Blockchain and lending: from syndicated loans to mortgages
Blockchain’s reliable digital record keeping is starting to streamline lending, cutting down or even doing away completely with the complicated paper trail that has traditionally been part of borrowing money.
Disrupters are hoping to change the way the whole process is carried out, while established businesses are exploring ways that the technology can make the lending process quicker and cheaper.
Schuldscheine, once niche German products but now increasingly common in other countries, have been leading the way. Schuldscheine are a sort of half-way house between a loan and a bond and their relatively simple contracts are a good fit for blockchain technology.
Daimler borrowed €100m in 2017 via a Schuldschein in a deal led by Landesbank Baden-Württemberg (LBBW) with several other German banks in on the contract.
“The entire transaction — from the origination, distribution, allocation and execution of the Schuldschein loan agreement to the confirmation of repayment and of interest payments — was digitally carried out via blockchain technology,” Daimler said.
Syndicated loans, where a number of lenders group together to provide finance for a single borrower, are likely to follow the lead of Schuldscheine. Spanish bank BBVA is currently testing the use of blockchain for syndicated loans.
BBVA, too, is an early adopter of blockchain technology. In April it lent Spanish IT technology and consultancy company Indra €75m. It was the first example of a corporate loan that used blockchain all the way through the process.
BBVA’s global head of customer solutions, Derek White, said at the time: “This is a prime example of where disruptive technology can add real value to business processes. The use of blockchain in this transaction has greatly increased transparency and speed, while equally improving efficiency – it’s a win-win for both us and Indra.”
The deal was negotiated on an internal solution built on a private blockchain through Hyperledger, of which BBVA is a member, and once the deal was agreed its hash code was registered on Ethereum’s public blockchain.
Another development for the syndicated loan market appeared in April when Finastra’s Fusion LenderComm launched as an app on R3’s Corda platform. The app streamlines the exchange of information between agent banks and lenders and so cuts costs and speeds up the whole process.
Traditional mortgage providers are cutting costs by using blockchain for their records. For instance, Bank of China Hong Kong processes the majority of its mortgage-related real estate valuations with the help of its own digital ledger.
And Bank of Scotland is working with the UK’s Financial Conduct Authority (FCA) and technology firm R3 to develop a blockchain-based application to improve regulatory reporting of mortgage transactions.
While traditional mortgages have yet to move completely onto the blockchain, new entrants to the market are looking to manage the whole process on it.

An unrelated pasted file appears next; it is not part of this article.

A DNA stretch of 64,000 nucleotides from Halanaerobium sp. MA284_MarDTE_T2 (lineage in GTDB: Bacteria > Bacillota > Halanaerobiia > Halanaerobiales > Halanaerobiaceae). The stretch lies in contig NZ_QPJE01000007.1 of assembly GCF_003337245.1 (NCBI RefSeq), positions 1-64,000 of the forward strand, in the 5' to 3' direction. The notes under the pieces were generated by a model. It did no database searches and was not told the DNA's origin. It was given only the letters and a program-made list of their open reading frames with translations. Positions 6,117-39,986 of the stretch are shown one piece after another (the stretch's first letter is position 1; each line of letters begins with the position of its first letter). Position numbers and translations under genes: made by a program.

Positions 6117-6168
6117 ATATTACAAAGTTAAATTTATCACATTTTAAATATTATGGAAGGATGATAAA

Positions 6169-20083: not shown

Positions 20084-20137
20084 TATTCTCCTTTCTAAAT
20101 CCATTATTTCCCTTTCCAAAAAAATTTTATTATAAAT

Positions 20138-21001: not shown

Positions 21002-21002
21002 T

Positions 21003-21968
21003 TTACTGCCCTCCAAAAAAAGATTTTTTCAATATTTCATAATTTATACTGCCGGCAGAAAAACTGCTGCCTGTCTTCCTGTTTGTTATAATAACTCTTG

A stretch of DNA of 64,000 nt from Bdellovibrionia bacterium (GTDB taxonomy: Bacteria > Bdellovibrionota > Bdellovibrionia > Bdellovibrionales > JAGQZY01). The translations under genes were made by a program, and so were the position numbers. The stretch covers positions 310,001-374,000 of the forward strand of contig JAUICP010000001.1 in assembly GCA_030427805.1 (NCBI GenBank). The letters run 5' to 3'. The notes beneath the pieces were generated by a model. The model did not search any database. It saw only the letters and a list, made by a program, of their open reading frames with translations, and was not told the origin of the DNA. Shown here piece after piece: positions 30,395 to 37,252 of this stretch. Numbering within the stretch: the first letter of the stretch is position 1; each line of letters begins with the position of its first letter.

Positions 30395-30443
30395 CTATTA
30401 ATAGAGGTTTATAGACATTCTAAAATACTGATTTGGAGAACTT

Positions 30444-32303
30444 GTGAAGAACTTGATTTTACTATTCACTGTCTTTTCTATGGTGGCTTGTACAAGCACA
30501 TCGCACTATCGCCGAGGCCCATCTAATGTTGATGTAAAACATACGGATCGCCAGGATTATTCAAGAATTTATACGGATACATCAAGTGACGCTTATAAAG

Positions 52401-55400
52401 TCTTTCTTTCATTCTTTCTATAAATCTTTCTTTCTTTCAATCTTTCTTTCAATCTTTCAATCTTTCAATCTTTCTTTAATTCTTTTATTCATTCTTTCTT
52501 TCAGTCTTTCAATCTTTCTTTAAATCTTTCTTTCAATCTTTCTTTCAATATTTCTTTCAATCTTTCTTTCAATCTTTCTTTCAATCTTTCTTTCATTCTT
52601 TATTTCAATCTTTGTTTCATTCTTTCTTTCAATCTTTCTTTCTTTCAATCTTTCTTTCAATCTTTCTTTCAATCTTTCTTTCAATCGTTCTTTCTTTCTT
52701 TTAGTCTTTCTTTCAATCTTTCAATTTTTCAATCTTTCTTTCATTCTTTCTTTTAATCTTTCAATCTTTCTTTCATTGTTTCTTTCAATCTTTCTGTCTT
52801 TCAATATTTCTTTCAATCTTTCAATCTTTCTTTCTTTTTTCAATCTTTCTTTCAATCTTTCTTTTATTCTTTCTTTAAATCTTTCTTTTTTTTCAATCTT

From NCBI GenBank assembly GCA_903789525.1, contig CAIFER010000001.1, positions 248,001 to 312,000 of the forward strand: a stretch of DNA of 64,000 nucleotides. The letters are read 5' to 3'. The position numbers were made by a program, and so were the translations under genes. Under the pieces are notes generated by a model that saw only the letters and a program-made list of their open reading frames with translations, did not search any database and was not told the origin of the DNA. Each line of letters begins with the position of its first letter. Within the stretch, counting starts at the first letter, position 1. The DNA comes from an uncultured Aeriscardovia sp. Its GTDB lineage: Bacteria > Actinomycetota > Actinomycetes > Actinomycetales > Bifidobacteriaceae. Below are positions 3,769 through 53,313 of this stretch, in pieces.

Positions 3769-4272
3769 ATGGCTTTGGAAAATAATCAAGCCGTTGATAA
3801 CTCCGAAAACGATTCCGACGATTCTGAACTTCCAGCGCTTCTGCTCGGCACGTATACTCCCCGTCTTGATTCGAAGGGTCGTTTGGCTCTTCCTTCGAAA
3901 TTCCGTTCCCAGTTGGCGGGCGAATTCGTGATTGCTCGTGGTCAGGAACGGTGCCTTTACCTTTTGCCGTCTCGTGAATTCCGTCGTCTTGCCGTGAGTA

Homelend aims to disrupt the market with its blockchain-based peer-to-peer mortgage lending platform. It is looking to raise $30m through sale of its Ethereum-based tokens. Pre-sale of the tokens started in March but, as yet, there is no date set for the crowdsale.
Homelend’s white paper says its platform works by “embedding mortgage lending business logic into smart contracts”.
Another potential disrupter to the mortgage market is Block66, which is also in the early stages of trying to raise funding. It says it is “on a mission to shake up the mortgage lending landscape by building the world’s first blockchain enabled mortgage lending network”.
And Viva Network plans to offer a borderless mortgage products platform, allowing investors to crowdfund mortgages across international borders.
Blockchain loans are offered by a number of companies. The Secure Automated Lending Technology (SALT) platform lets people use their cryptocurrency assets as collateral for loans. It is currently the biggest player in blockchain lending. Interest rates on the loans are high but borrowers get their tokens back at the end if they don’t default on the deal.
ETHLend, not surprisingly given the name, is built on top of the Ethereum blockchain. It acts as facilitator for peer-to-peer lending agreements. Borrowers and lenders can set their own rates and length of loans. An Ethereum wallet address is necessary to send or receive money and any ERC20 tokens are acceptable as collateral.
Ripio Credit Network is aimed at the Latin American market and is based on smart contracts. Participants do not have to own any cryptocurrency. All credit transactions are in local currency but RCN tokens are needed to access the network and for transactions among agents.
It is not totally peer-to-peer though as intermediaries, known as cosigners, are put in place by the platform to help chase up defaulters.
While blockchain is an exciting new addition to the landscape, changing existing systems will take time, money and the inclination to do so. Will the banks and providers be prepared to spend money now to save money in the long run or will they hesitate and let new entrants chip away at their market share?